Bronxville, New York -- I am tingling; my heart is beating fast as I lead the Maghrib (sunset) prayer here at a Sarah Lawrence College hall at the very first conference of Muslims for Progressive Values, June 17.
It's such an honour, I'm thinking, to pray with this group of people, because they all speak with such passion of their faith, though they come from different races and experiences.
Of the two dozen attendees, four of the men are gay; one woman identifies as lesbian. But their sexual orientation is an issue at the conference only as it relates to the challenges of advocating for the human rights of LGBTTIQ (lesbian, gay, bi, transsexual, transgendered, intersexed, queer) persons.
The meet is the result of the work of Zuriani "Ani" Zonneveld, a writer/singer/activist, and Pamela K. Taylor, well known for leading mix-gendered Muslim prayer. As Taylor has written on her Newsweek blog, "If accidents of birth race and ethnicity are of no import to me, then why should another accident of birth heterosexuality or homosexuality make any difference?"
Being here makes me look back 16 years to when I started Salaam for lesbian and gay Muslims in Toronto. Then, I had no concept of where the movement would be today. We were a small group that grew into a list of over 80 people from as far away as San Francisco, Seattle, Vancouver, Quebec and New York-- all before the Internet, when communication was by snail mail or costly telephone.
The birth of the organization generated excitement among LGBTTIQ Muslims, many of whom were isolated because of fear of family, community and even God.
Eventually, in 1993, out of frustration and due to threats, Salaam Toronto was put to sleep. It lay dormant until resurrected in 1999 as Al-Fatiha Toronto and then the Salaam Queer Muslim Community (QMC). Our greatest achievement to date is the International Queer Muslim Conference held in Toronto in June 2003 and attended by over 150 people, some of them supportive non-queers.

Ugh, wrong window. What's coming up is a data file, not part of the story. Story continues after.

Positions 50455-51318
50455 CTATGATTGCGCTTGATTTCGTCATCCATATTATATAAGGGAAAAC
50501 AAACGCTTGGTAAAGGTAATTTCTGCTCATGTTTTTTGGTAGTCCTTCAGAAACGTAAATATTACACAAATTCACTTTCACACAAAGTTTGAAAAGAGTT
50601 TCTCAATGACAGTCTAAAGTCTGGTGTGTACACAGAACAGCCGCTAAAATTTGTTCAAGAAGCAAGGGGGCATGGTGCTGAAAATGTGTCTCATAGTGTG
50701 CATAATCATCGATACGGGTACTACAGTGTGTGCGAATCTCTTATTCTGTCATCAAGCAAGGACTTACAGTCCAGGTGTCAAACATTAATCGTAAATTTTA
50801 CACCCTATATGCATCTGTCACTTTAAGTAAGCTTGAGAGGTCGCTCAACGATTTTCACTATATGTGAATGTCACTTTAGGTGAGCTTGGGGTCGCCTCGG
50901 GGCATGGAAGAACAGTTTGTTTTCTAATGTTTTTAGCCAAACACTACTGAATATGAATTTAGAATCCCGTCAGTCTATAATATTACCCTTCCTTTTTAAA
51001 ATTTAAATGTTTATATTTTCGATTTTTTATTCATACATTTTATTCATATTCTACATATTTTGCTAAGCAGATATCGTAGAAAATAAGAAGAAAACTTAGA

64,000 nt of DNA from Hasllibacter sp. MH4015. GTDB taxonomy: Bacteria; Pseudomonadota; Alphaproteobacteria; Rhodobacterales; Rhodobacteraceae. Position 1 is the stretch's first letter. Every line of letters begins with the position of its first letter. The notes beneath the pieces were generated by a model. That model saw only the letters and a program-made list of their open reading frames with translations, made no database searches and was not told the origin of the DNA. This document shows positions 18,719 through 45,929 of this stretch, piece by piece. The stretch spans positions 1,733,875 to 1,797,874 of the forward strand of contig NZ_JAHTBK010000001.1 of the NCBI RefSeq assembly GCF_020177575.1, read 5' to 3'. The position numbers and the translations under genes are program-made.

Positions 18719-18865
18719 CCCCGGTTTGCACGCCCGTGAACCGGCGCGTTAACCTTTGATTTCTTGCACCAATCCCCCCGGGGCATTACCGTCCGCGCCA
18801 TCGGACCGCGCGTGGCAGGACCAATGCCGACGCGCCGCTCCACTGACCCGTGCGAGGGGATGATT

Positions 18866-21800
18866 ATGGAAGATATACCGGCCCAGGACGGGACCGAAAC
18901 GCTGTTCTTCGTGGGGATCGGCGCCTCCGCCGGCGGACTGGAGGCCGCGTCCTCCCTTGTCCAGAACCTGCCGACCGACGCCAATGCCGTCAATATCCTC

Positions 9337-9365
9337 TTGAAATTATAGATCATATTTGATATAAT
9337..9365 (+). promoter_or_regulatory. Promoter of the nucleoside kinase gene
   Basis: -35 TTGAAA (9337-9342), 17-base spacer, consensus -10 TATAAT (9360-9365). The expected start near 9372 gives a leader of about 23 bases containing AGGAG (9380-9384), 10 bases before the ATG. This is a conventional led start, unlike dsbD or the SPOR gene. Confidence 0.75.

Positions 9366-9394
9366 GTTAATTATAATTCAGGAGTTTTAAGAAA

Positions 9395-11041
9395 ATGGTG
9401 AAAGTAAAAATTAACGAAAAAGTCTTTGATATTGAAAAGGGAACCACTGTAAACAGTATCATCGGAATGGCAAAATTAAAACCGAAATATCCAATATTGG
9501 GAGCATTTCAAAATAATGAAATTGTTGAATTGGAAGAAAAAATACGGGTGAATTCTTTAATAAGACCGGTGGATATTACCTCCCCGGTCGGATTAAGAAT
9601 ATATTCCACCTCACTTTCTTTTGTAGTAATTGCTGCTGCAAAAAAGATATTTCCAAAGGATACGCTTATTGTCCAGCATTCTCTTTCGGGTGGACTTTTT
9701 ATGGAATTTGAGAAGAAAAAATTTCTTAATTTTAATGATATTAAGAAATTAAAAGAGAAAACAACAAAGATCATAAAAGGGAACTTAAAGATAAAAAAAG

Other progressive Muslims have been a huge source of encouragement. In reaction to 9/11, many began to reaffirm their faith and question the conservatism and fundamentalism that had been taken for granted as the only face of Islam. That catastrophic event forced many out of the Muslim closet to assert, "Not in my name."
More and more, social justice Muslim groups throughout the world like the Muslim Canadian Congress, which I helped found, the U.S. Progressive Muslim Union and others in Europe are taking up gender justice issues and to some degree LGBT rights.
Many of us have taken heart from a 1993 book, Progressive Muslims: On Gender, Justice And Pluralismâ edited by Omid Safi, which included a chapter by professor Scott Kugle revisiting the Quranic story of Lot. His alternate reading to the traditional heterosexist and homophobic interpretation of the sacred text furthered the cause of an inclusive Islam and of Allah as truly al-Rahman (The Gracious), al-Raheem (The Merciful) and al-Wadud (The Loving).
Sheikha Fariha al-Jerrahi of the Nur Ashki Jerrahi Sufi tradition, who led the Zikr (remembrance rite) at the meeting last week, puts it this way: "Allah is all-embracing, all-forgiving, all-providing Mother. We are with our Beloved in the open space, in the great freedom of only Hu, where Love alone is real."
I am not deluded. Atrocities continue to be committed in the name of Islam against women, LBGTTIQ people, minorities and others. The majority of sexually dissenting Muslims live in fear in societies where their rights and lives have little, if any, value.
While change is slow, there is change. And there is hope.
El-Farouk Khaki is a refugee and immigration lawyer who represents LGBT people andwomen fleeing gender violence. He is secretarygeneral of the Canadian Muslim Union,a board member of Salaam and federal NDPcandidate for Toronto Centre.